Lotus Elan

Fiberglass *MAT* and Epoxy

PostPost by: JonnyPlus2 » Sat Jun 17, 2017 12:49 pm

I think that you're correct about the CSM.

It *is* worth noting that one of CSM big advantages in a production situation is that it can be sprayed in using a fancy gun whereas cloth requires hand work. So I think that CSM was used by Lotus' suppliers to keep costs down. I don't think that this means that you *have* to use CSM to repair them. I'll experiment with CSM in about an hour or so . . . and . . . . I'm one of those people who has to learn by experience . . . . so that's what I'm going to do. The other catch is that I'm using Epoxy which makes CSM a bit of a pain to work with.

Thanks for your straight talk, I'll report back when I'm done.

"Good judgement comes from experience . . . experience comes from . . . bad judgement" - Anon :lol:
Best,
Jonny B
36/6322
JonnyPlus2
Second Gear
Second Gear
 
Posts: 108
Joined: 08 Jun 2011

PostPost by: alan.barker » Sat Jun 17, 2017 1:25 pm

Sorry i have been using the wrong material names, here is the correction
1. lightest TISSUE
2. medium ROVING or SHREDDED MAT (not chopped strand i got mixed up)
3. heaviest WOVEN MAT
Alan
Alan.b Brittany 1972 elan sprint fhc Lagoon Blue 0460E
alan.barker
Fourth Gear
Fourth Gear
 
Posts: 647
Joined: 06 Dec 2008
Location: BRITTANY FRANCE

PostPost by: c42 » Sat Jun 17, 2017 2:56 pm

Of course you could make life a little easier and use polyester resin.

John
User avatar
c42
Third Gear
Third Gear
 
Posts: 288
Joined: 10 Sep 2009
Location: Rugby, Warwickshire

PostPost by: Esprit2 » Sat Jun 17, 2017 4:19 pm

JonnyPlus2 wrote:I'm keen on cloth as it gives an inherently stronger repair as there is less resin in it.
Woven Roving (ie, 'cloth') is stronger, but the weave pattern can imprint through to the surface and be visible through the paint. If you start with a bare mold to make a new part, laying in a few layers of matte first, then a layer of woven roving 3+ layers deep can imprint through to the surface. Yes, 'tis true.

For structural composite panels, you're right, woven roving can produce a stronger part "IF" you're smart about how to orient the fibers. If you're laying up a composite fuselage for your homebuilt aircraft, use woven roving. But for cosmetic panels (car body panels), matte is better since it will not imprint any pattern thru to the surface.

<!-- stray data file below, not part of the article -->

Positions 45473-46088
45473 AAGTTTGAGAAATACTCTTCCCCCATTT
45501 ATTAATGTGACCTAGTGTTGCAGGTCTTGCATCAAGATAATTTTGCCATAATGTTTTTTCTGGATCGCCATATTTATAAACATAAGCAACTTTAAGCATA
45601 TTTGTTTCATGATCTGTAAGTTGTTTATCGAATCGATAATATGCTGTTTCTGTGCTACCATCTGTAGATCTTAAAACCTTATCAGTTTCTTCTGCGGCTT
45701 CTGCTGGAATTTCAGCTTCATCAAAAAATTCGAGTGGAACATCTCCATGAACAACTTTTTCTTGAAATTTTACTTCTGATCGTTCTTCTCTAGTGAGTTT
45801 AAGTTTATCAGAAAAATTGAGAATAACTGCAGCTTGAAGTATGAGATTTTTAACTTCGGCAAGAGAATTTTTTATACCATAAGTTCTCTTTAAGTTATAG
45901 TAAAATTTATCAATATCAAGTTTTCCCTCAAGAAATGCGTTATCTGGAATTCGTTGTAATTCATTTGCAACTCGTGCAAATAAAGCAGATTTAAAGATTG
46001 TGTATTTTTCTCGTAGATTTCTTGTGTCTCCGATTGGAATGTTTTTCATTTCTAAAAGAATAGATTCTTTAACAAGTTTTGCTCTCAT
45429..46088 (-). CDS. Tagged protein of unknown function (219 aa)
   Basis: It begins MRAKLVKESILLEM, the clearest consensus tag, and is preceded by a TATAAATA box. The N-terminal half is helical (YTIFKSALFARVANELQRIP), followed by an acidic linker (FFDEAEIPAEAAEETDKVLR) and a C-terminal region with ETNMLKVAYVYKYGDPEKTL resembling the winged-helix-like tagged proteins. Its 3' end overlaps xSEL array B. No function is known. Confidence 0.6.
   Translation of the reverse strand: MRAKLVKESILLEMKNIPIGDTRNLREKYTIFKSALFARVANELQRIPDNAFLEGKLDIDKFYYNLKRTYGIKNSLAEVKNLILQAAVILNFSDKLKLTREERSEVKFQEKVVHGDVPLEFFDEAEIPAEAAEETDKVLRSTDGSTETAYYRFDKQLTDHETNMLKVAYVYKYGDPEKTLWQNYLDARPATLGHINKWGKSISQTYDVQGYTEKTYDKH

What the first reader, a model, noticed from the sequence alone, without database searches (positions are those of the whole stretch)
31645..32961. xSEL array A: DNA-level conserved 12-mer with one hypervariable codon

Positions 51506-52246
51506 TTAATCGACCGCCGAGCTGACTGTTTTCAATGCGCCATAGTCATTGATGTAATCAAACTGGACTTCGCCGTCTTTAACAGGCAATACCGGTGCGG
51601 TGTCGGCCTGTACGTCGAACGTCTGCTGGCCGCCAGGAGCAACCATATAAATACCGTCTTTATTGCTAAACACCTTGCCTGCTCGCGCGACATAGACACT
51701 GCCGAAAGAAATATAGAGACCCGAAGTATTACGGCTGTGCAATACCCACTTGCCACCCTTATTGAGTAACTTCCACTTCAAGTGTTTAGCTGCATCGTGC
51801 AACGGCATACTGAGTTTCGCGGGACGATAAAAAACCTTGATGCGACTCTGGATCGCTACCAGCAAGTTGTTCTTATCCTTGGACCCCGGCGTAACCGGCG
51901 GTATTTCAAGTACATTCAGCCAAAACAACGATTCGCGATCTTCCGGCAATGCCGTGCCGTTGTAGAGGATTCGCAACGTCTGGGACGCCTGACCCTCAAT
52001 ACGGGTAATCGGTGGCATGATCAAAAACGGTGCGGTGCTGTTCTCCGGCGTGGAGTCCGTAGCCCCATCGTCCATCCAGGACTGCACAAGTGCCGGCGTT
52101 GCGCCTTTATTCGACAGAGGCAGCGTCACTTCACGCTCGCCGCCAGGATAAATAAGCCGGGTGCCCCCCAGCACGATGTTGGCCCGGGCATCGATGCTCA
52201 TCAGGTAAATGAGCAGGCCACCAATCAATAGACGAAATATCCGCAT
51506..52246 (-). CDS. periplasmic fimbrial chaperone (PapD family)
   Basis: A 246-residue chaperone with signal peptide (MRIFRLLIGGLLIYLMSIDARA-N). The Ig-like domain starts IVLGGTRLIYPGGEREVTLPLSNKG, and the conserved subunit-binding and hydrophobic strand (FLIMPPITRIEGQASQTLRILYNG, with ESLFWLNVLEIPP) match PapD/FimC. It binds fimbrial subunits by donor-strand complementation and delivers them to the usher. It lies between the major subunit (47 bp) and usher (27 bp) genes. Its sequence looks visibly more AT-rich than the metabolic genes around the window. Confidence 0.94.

If you're putting another layer on the inside of an old Lotus panel, then it's probably not a big deal what you use, other tan matte will conform more easily around abrupt surface contours... like around a bobbin (then wrap it with some linear roving.

However, if you're making any external repairs, like fixing stress cracks, then avoid woven roving and veil (very fine, 0.5 to .75 oz woven roving). Instead, use matte or tissue (0.5 - 0.75 oz matte).

Off Topic, but...
A friend of mine used to own a Countach. The body was mostly metal, with a few graphite pieces mixed in... like the front bonnet. Over time, the weave would imprint through, and Countach fans consider the weave pattern a badge of honor... proof of the car's originality. One time he had some body work done to the front... nothing that involved the bonnet. The body shop took it upon themselves to do him a favor while they were working on it, and 'fix' that crude bonnet. It came back looking like a mile deep black mirror. Perfection. Their hearts were in the right place, but they really ticked him off... he pissed & moaned that it would take years for any hint of that weave pattern to come back.

Regards,
Tim Engel
Esprit2
Third Gear
Third Gear
 
Posts: 236
Joined: 02 Apr 2008
Location: Twin Cities, Minnesota, USA

PostPost by: JonnyPlus2 » Sat Jun 17, 2017 10:53 pm

Well I managed to make it work by using Tim's advice. I put in a tablespoonful of Ace Tone (great name for an amp or a band) in with the epoxy mix and let the pieces of mat soak in epoxy for 15 minutes. The mat wouldn't follow the contours very well but I kept at it until it started to set up and then I was able to persuade it to stay down. I had to come back every 5 mins and re-persuade it but eventually it stayed down.

I think part of the issue here was that I was putting the mat over an outside corner (bobbin in the rear suspension tower) so it had a strong tendency to fold up and away from the original F/G. Next I'm doing a floor bobbin so that will be inside corners. I'm hoping that's easier.

Thanks much for all your help and suggestions.
Best,
Jonny B
36/6322
JonnyPlus2
Second Gear
Second Gear
 
Posts: 108
Joined: 08 Jun 2011

PostPost by: alan.barker » Sun Jun 18, 2017 6:33 am

Well done that man, like you said you just need practice.
With grp fibres wound around the outside of the Bobbin for sure it can never come loose.
How about a photo when you do the floor Bobbin but be careful not to get resin on the Camera :shock:
Alan
Alan.b Brittany 1972 elan sprint fhc Lagoon Blue 0460E
alan.barker
Fourth Gear
Fourth Gear
 
Posts: 647
Joined: 06 Dec 2008
Location: BRITTANY FRANCE

PostPost by: JonnyPlus2 » Sun Jun 18, 2017 1:00 pm

Hi Alan,

I'll do my best to get pics of the floor bobbin. I am currently unable to extract photos from my camera. My 25 year sons are coming home for a visit today so they should be able to figure out how to do it.
Best,
Jonny B
36/6322
JonnyPlus2
Second Gear
Second Gear
 
Posts: 108
Joined: 08 Jun 2011

PostPost by: bill308 » Tue Jun 20, 2017 6:50 pm

IMHO, woven glass and epoxy are the wrong products to use for Lotus repairs, unless there is a really good reason to do so.

West System Epoxy is great stuff, stronger, less affinity to absorb water, and probably inert to more chemicals. It is however more difficult to work with, more expensive, and requires a much more critical/precise mix ratios, and an induction time. The other down side is that polyester should not be used on top of it.

So when should epoxy be used? I think primarily when it will see extensive exposure to water, particular solvents, or when its other material properties are required.

Woven cloth is a poor material to use on a Lotus, or boat for that matter, because it is harder to wet out (especially thicker/heavier cloth), is less conforming, and over time its weave pattern can show up in the finished surface.